You can give them a nuclear plant and just the cost of operating it is higher than the cost of building a modern solar plant or a modern wind farm. This is a done deal. And just a few months later, four months later than that comment, XL Corp in Colorado wanted to close a couple of coal plants early and ask for bids, and were swamped by an amazing 850 bids. And the median bid, the one in the middle below which half a cheaper was 2.1 pennies for wind including storage. In June, we were all shocked when the previous guy said it would be two to three pennies plus a penny for storage. And four or five months later, it's 2.1 pennies including storage. And the penny he talked about from Florida Power and Light, the penny for storage became in this 0.3 for wind and 0.7 for solar.

And even solar, which was unexpectedly higher than wind came in at 3.7 pennies with storage, the operating costs of a new coal plot and way, way below the levelized cost including capital of a coal plant. This is the rate they declined from 2009. Look at that, solar from 400 screaming down to 55 and now down to 25 or 30. And onshore wind also admirable with the median coal plant already outflanked. No one had this as a gleam in their eye 10 years ago. A word about wind, which I assume you will not know that much, but a two megawatt wind on the right, which I call a toy, a two megawatt wind is kind of the biggest wind tower you will bump into in your daily life. If you're cycling through Holland, they will be two megawatt wind towers. Today, it says here the monster is 10 megawatts. But since this exhibit was drawn up, GE actually offered, for delivery in 2022, a 12 megawatt.

Let me tell you about a 12 megawatt wind tower. It stands 216 meters, 300 yards high. The single blade is 107 meters long. When the blade is on its upswing, it towers over the Eiffel Tower, where my wife and I had lunch sitting at the top last fall. I tell you, that is a high place. It is unimaginable to have a wind tower over that. Let me tell you something else about a windmill. The power goes up by the swept area, which means Pi R squared. When you take a 10-foot blade and make it 20, you do not get twice as much power, you get 4 times as much. And as you go up toward the top of the Eiffel Tower, you pick up more wind. Actually, it's a rather disappointing fraction, but you pick up about 20% more wind. But this is the key, the wind factor is cubed. A hurricane at 140 miles per hour does not have a modest amount, more damage effect than one at 120. You cube 14 versus cubing 12, it is 60% more powerful. And that's why everyone dreads the 140 mile per hour ones.

And this is the same here, that 20% higher wind at the top of the Eiffel Tower will become 60% more powerful and the blades will square. And when you build 20 megawatts and 25 megawatts as they will with new materials in the North Sea and the North Atlantic, they will be quite possibly in the next 20, 30 years the cheapest electricity on the planet.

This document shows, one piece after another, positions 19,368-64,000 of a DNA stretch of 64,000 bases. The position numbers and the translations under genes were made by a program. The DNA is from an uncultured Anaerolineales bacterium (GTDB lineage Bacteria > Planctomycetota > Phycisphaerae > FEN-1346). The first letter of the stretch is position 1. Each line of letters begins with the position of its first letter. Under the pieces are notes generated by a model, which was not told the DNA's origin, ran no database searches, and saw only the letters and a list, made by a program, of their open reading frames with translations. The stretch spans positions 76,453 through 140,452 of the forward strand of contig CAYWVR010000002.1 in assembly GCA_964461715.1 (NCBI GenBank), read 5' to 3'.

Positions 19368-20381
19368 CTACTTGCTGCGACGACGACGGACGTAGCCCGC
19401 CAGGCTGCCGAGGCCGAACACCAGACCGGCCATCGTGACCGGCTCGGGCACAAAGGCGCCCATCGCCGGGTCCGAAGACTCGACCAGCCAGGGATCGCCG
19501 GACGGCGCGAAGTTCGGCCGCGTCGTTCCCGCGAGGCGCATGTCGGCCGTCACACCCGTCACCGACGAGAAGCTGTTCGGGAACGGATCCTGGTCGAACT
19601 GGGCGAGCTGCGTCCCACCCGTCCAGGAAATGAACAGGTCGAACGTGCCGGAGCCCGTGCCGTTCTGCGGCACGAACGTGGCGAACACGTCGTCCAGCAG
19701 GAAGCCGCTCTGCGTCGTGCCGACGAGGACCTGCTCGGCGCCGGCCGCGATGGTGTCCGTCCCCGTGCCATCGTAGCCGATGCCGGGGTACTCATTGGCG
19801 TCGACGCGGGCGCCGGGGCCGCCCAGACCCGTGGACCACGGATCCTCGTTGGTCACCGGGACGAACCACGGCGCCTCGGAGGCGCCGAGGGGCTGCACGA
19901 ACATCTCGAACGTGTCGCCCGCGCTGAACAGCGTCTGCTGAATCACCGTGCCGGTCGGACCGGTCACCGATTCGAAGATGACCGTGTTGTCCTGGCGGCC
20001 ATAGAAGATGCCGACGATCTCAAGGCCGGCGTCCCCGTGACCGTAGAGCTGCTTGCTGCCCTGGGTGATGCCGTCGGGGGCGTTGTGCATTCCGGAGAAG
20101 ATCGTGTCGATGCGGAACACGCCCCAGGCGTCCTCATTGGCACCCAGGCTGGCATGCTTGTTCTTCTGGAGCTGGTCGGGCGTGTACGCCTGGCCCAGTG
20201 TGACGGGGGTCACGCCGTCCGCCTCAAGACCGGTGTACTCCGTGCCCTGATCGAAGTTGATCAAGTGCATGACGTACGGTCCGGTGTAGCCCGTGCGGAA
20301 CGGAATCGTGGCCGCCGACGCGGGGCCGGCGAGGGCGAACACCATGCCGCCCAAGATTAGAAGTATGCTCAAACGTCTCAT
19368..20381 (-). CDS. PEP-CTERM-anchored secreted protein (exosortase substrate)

Battery costs were always the disappointing factor. And indeed, they had only been lowering in cost by about 5, 6, 7% a year for 50 years. And no sooner did that become a cliche, than this happened. In 2010, Tesla was looking at $1,000 a kilowatt hour. This year, the insiders say 150. It's dropped 85% in eight years, faster than solar panels, wind, and everything else. Quite remarkable. And this is not the end of the game. When we're building 40 million cars, sheer engineering and scale will take 165 to half the price or 80 odd. And when they introduce the next generation, it will halve it again.

I'm very pleased to say the Grantham Foundation invest in a solid-state lithium-ion cell, which has been delivered two months ago for testing to a major European car factory. It is half the weight, half the volume, half the materials and therefore at scale, half the price per unit of energy. And it does not burst into flame, and it charges in five minutes. If we don't get there first, there are a hotshot group in Tufts and a hotshot group at MIT who (Go Boston by the way), who are closing in. And Mr. Dyson of the hand dryer and vacuum cleaner is also making progress in the U.K. This will happen, this will make electric cars much cheaper to build as well as they are today already much cheaper to run and maintain with 15% of the moving parts.

You take all this optimistic stuff, this is the hands of a Norwegian consulting firm, been around for 100 years. It’s considered arm’s length. It puts all together its aggressive targets, which are similar to mine. And this is the bad news, by 2050, although the renewables in green are surging, over 50% is still fossil fuel, 51%. What that means is even if fossil fuels were to peak in a couple of years, and they will probably peak by 2030, the carbon emissions continue to rise and rise guaranteeing more or less this: We have no hope of 1.5, we will reach our 2 degrees centigrade target by 2050, and we will be fighting tooth and nail with any luck and carbon taxes and improved attitude to keep it below 3 degrees in 2100 if we are lucky and if we are improved. The cost of doing this is epic, already way over $300 billion. And by the way, $300 billion of damage last year, $330 billion from climate damage in a single year. We will need by 2050 amounts equaling $2 trillion to put in the transmission lines, the storage facilities and everything that is needed to completely decarbonize our society.

The author or authors do not own shares in any securities mentioned in this article. Find out about Morningstar’s editorial policies.